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>> “New Generation, New Model” only strengthens in Generation Y. Generation Y is a generation of community; continued from page 41 they expect to be able to pick and choose While this is challenging for market- the quality of the people they spend time with. They care about the ethics about ers, it can be even more challenging for the Company they work for; and, comhuman resource managers. Flexibility pared to previous generations, are more in the workplace is, in many cases, still more a theory than a fact. The traditional likely to leave if they are unhappy. Neither is Generation Y incentives of more money and increased a generation that will be satisfied by responsibility are losing luster. The slogans and “feel good” messages. They Millennials want more and that more is not money. They are looking for a life, not are used to researching, comparing and analyzing. In many ways, they are a just a career; they are looking for mean“show me” generation. ing, not a trajectory. They don’t have the historical baggage of some non-profit organizations Elusive Talent but they bring a clear-eyed lucidity to The challenge of engaging Generathe employer’s value proposition and its tion Y comes at a time when there is a conduct. Corporations would do well to growing belief that talent has become critical for corporate performance. There take them very, very seriously. is growing evidence that employee engagement is a predictor of employee References: and corporate performance. 1. Mclaren, Carrie. “How Tobacco Research does show that there is Company “Anti-Smoking” Ads positive linkage between job satisfacAppeal to Teens” tion and job performance. Saari and http://www.ibiblio.org/pub/electronicJudge (2004) cite findings that show publications/stay-free/archives/17/ job performance to be predicted by job satisfaction, a relationship that is espe- tobacco-anti-smoking.html 2. “Anti-smoking campaigns cially pronounced in professional jobs. encourage teen use” Boehm & Lyubomirsky (2008) used cross-sectional evidence from previous http://www.armannd.com/ the-real-results-of-the-anti-smokingresearch to show that happiness can campaigns.html lead to success in the workplace. The 3. “Anti-Smoking Ads cleverly study found that happy employees choose jobs that are more meaningful to boost smoking among teens” “Well, money is a factor, them, have a higher degree of autonomy, http://www.naturalnews.com/ yes, but that’s not what they’re accommodate a wider array of tasks and 020996.html looking for, it’s not really the 4. “DOH warns government agencies responsibilities, and are more likely to money for Millennials,” says versus tobacco firms” view difficult times as challenges that the guest speaker. http://ph.news.yahoo.com/gma/ can be overcome. 20100516/tph-doh-warns-govt-agencies“You know what it is these At this point, I could throw in the vs-tobacco-f-d6cd5cf.html heaps of papers and evidence to estabkids want?” he pauses briefly, 5. “Employee engagement is good lish this link but this is not an academic leans forward, lowers his voice journal. Instead, let me point you to more for the bottomline” almost to a whisper, as if he http://www.hrmreport.com/article/ mundane reports. were telling us a secret. Hewitt Associates, a firm that regu- Employee-engagement-is-good-for“Meaning. They want the-bottom-line/ larly publishes “Top Employer” reports a job that gives them a sense espouses a five-step process to harness 6. “Linking Engagement to employee engagement for corporate re- Business Performance” of meaning.” sults. The “Great Place to Work Institute”, http://www.hewittassociates.com/intl/ In the back, in sneakers AP/en-AP/KnowledgeCenter/Magazine/ which helps Fortune magazine identify and denim, I nod and smile HQ_ 24/business-performance.html Fortune’s annual list of top employers, the quietly contented smile declares on its website that “Trust-based 7. Fortune’s “100 Best Companies of someone who feels kinship to Work For 2010” relationships are at the heart of every http://money.cnn.com/magazines/ with a stranger who understands great workplace”. fortune/bestcompanies/2010/faq/ A quick review of Fortune’s writewhat it is my generation is index.html ups on great places to work clearly all about. 8. “I work for one of the 10 Best Companies” shows how serious companies have http://money.cnn.com/galleries/2010/ become about keeping employees The author graduated with great grades happy. The importance of employees as fortune/1001/gallery.Bestcompanies_ from the University of the Philippines. a stakeholder in enterprise has become employees.fortune/ In typical millennial fashion, she set 9. Boehm, J. K., & Lyubomirky, S. more, not less, important. aside offers from banks and insurance (2008). Does happiness promote career On the web, Fortune features ten companies to take a gap year and success? Journal of Career Assessment, explore—she has discovered that she likes employees who work for one of the top ten great places to work. They are gener- 16 (1), 101-116. marketing and writing. To discuss this ally Gen X’ers and they are clearly driven 10. Saari, L. M., & Judge, T. A. article, talk about comic books, geek out (2004). Emloyee attitudes and by more than just money or ambition. over Battlestar Galactica, ask her out on a date, or offer her a job, you may e-mail This drive for personal meaning over ma- job satisfaction. Human Resource her at tinkaherrera@gmail.com. terial wealth or overt power is a trait that Management, 43 (4), 395-407.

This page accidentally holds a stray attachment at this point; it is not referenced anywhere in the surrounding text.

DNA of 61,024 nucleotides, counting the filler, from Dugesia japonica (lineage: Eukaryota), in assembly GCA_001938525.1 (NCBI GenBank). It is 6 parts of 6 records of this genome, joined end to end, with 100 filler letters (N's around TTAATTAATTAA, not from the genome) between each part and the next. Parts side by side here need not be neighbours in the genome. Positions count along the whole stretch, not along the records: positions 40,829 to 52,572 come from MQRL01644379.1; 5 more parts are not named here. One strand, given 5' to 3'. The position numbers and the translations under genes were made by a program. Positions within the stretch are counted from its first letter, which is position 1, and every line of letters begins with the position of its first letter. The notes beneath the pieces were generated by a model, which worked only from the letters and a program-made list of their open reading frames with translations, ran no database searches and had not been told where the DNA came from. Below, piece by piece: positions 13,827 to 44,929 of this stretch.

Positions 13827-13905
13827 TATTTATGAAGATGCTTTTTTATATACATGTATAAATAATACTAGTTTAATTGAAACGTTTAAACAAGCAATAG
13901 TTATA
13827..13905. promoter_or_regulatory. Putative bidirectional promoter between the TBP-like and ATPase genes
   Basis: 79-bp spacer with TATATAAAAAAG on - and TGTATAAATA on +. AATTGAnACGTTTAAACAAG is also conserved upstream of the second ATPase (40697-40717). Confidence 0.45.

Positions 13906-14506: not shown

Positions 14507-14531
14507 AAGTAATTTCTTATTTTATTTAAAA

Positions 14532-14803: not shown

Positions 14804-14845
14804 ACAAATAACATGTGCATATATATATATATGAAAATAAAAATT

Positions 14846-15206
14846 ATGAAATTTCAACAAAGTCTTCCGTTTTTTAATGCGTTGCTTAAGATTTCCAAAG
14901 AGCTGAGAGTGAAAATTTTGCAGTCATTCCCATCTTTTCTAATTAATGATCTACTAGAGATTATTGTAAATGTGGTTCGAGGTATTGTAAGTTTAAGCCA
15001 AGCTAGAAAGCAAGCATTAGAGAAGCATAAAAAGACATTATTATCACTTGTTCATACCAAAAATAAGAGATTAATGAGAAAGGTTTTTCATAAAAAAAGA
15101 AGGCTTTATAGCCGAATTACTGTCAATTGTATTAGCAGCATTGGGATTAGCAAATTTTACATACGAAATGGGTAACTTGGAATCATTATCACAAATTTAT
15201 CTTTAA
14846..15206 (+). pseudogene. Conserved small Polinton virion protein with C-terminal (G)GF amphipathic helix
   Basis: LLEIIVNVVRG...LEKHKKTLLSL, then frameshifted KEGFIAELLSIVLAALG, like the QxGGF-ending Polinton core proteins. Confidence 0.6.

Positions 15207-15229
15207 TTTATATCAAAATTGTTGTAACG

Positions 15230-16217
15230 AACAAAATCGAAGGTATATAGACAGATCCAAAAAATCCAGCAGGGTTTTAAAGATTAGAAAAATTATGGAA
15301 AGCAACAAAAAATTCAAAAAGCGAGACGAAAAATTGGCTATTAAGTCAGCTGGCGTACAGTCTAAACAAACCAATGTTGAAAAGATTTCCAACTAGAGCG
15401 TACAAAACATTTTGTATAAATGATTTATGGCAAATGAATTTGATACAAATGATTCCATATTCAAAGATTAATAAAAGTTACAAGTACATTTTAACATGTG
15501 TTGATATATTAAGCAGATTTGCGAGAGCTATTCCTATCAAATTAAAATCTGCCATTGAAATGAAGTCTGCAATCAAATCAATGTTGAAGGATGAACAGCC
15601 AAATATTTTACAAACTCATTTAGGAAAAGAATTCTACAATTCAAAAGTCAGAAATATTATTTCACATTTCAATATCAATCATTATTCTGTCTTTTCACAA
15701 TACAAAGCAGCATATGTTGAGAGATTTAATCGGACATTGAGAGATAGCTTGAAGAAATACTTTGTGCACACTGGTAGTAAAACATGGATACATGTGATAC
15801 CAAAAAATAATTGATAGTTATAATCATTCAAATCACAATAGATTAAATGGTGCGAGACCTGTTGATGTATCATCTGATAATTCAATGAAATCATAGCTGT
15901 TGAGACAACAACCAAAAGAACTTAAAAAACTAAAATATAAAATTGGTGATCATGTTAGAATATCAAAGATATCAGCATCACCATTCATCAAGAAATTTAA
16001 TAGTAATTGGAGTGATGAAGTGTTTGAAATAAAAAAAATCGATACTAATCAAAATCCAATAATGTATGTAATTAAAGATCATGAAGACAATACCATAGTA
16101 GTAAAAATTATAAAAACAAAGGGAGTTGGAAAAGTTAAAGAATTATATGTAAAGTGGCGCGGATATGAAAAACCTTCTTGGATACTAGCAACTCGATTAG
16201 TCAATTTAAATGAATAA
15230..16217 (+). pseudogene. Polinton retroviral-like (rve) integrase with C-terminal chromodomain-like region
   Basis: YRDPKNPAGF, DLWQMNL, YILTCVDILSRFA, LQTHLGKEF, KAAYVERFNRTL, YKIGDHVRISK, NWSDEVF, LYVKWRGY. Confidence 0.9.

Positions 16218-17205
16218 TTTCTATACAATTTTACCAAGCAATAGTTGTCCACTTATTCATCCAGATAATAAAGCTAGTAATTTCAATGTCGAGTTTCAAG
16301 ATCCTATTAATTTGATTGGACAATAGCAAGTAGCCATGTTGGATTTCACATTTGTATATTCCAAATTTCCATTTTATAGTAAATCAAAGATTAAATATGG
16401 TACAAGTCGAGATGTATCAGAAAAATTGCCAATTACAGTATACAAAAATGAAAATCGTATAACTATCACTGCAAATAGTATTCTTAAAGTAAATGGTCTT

unsustainable, and in many cases, harmful to the company and the people who work there,” adds Carla Sia, a 20-year- old university student from the Philippines. In an increasingly competitive global environment where quality is more important than quantity, and hiring the best young talent is crucial to helping businesses stay ahead (or get ahead) of their competitors, this is important stuff to know. We do care about the things that companies do, and we do want companies to reap the benefits of our creative, inventive, techsavvy selves, but we want to do this in a place where we know we’re making a difference. So listen up, companies: We want to do good, and if doing well and working hard for you means we’re also making the world a better place because your CSR programs resonate with us, then we’re in. Completely.